Join the Brown University Library for a talk featuring author Zhuqing Li, Visiting Associate Professor of East Asian Studies and Faculty Curator of East Asian Collections at the Library, as she speaks about her book, Daughters of the Flower Fragrant Garden: Two Sisters Separated by China’s Civil War. The talk will take place in the Patrick Ma Digital Scholarship Lab at the John D. Rockefeller, Jr. Library on Thursday, September 15, 2022 from 12 – 1 p.m.
Free and open to the public. Q&A and light refreshments. Books will be sold by the Brown Bookstore at the event.
Join via Zoom:
Meeting ID: 949 8969 9434
Daughters of the Flower Fragrant Garden: Two Sisters Separated by China’s Civil War
Daughters of the Flower Fragrant Garden: Two Sisters Separated by China’s Civil War (W. W. Norton & Company; June 21, 2022) is the remarkable true story of two sisters, inseparable as children, whose lives are irrevocably disrupted when the “bamboo curtain” drops overnight between Communist mainland China and Nationalist Taiwan. Their decades-long separation and gritty determination to succeed embodies the traumatic split of the nation itself.
Growing up in China during the 1920s and 1930s, sisters Jun and Hong lived with their extended family in an opulent home named the Flower Fragrant Garden, perched atop a hill in Fuzhou City, Fujian province. Scions of the legendary Chen family that produced the tutor of the last Chinese emperor, Jun and Hong were well-educated and devoted to each other. In 1949, in the midst of China’s civil war, and on the cusp herself of beginning a much sought-after position teaching history, twenty-six-year-old Jun left for a short vacation, visiting a friend on the island of Jinmen, just a mile offshore from the mainland city of Xiamen. Little did Jun know at the time that she would not set foot again on mainland China for another thirty years.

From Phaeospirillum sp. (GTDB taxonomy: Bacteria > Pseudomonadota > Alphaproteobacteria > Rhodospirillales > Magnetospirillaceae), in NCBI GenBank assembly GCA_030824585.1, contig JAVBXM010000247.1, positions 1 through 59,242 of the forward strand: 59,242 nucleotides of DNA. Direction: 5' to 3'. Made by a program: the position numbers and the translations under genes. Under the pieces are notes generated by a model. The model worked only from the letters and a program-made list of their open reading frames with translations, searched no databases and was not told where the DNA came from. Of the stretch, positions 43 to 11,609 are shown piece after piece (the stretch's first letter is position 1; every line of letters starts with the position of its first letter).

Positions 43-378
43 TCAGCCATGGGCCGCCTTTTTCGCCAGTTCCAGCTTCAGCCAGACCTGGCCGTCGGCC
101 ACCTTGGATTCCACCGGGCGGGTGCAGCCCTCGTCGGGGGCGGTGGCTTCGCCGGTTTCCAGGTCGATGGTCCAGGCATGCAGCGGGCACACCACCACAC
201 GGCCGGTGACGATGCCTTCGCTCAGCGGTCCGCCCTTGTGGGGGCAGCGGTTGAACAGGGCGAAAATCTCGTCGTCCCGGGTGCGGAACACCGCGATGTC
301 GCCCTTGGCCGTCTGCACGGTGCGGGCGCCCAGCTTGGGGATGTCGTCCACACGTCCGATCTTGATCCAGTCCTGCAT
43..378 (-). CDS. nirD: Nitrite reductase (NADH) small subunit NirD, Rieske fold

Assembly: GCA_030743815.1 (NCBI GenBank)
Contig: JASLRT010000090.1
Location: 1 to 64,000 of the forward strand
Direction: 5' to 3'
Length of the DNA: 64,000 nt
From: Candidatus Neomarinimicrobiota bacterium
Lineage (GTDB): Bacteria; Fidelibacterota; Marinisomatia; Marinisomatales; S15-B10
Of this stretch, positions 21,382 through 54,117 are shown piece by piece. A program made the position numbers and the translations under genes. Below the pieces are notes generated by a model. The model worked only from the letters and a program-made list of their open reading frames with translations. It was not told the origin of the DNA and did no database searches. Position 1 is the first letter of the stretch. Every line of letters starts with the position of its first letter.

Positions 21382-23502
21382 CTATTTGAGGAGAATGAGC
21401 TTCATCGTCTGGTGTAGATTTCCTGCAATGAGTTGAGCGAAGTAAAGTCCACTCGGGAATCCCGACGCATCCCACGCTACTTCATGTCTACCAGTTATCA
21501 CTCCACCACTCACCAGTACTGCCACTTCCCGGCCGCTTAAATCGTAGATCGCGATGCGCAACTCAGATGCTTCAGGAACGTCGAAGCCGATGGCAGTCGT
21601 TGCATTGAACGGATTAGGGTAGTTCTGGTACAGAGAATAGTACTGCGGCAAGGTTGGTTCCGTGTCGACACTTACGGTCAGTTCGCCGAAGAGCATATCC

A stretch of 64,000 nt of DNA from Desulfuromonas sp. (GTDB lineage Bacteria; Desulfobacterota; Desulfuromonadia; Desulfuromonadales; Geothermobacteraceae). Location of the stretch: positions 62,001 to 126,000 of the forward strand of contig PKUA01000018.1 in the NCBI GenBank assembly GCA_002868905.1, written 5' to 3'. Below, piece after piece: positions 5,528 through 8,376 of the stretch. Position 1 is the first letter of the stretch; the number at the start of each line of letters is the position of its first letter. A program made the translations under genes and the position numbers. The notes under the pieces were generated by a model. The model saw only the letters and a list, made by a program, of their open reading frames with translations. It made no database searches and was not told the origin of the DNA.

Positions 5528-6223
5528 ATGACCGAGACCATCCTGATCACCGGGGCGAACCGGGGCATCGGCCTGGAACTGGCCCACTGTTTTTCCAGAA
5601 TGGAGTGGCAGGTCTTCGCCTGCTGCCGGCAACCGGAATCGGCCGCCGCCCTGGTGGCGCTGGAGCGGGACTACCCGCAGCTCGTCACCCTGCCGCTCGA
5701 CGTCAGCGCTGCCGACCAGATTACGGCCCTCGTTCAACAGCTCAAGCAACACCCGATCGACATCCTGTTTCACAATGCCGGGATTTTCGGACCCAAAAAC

Soon after Jun’s arrival on Jinmen in the summer of 1949, the island would become a major battle ground between the Communists, on the verge of taking control of all of mainland China, and the retreating Nationalists. The Nationalist forces somehow managed to prevail on Jinmen, retaining control of the small island even after their government’s full evacuation of the mainland and retreat to Taiwan. As a result, Jun and Hong, through a twist of fate, ended up totally cut off from each other on opposing sides of the civil war. With her beloved older sister publicly associated with “the wrong side,” Hong finds herself responsible for taking care of her family and must make painful decisions. “[To] sever all contact and connection with Jun would eliminate one of her family’s most incriminating political associations. It was the only way, in Hong’s reasoning, that all of them, perhaps even Jun, would have a chance to survive.”
For decades the sisters would have no contact. Hong would become a pioneering doctor and model Communist, surviving two waves of Communist “re-education” and internal exile while Jun was a model capitalist, founding a successful trading company and eventually emigrating to the United States. Author Zhuqing Li chronicles the lives of these two fascinating women, her aunts, with extraordinary empathy and rich detail. Daughters of the Flower Fragrant Garden is a beautiful book that paints an intimate portrait of life during one of the most complicated and difficult periods in China’s modern history.
Zhuqing Li is a professor of East Asian Studies at Brown University and the author of four scholarly books on Chinese linguistics. She lives in Providence, Rhode Island.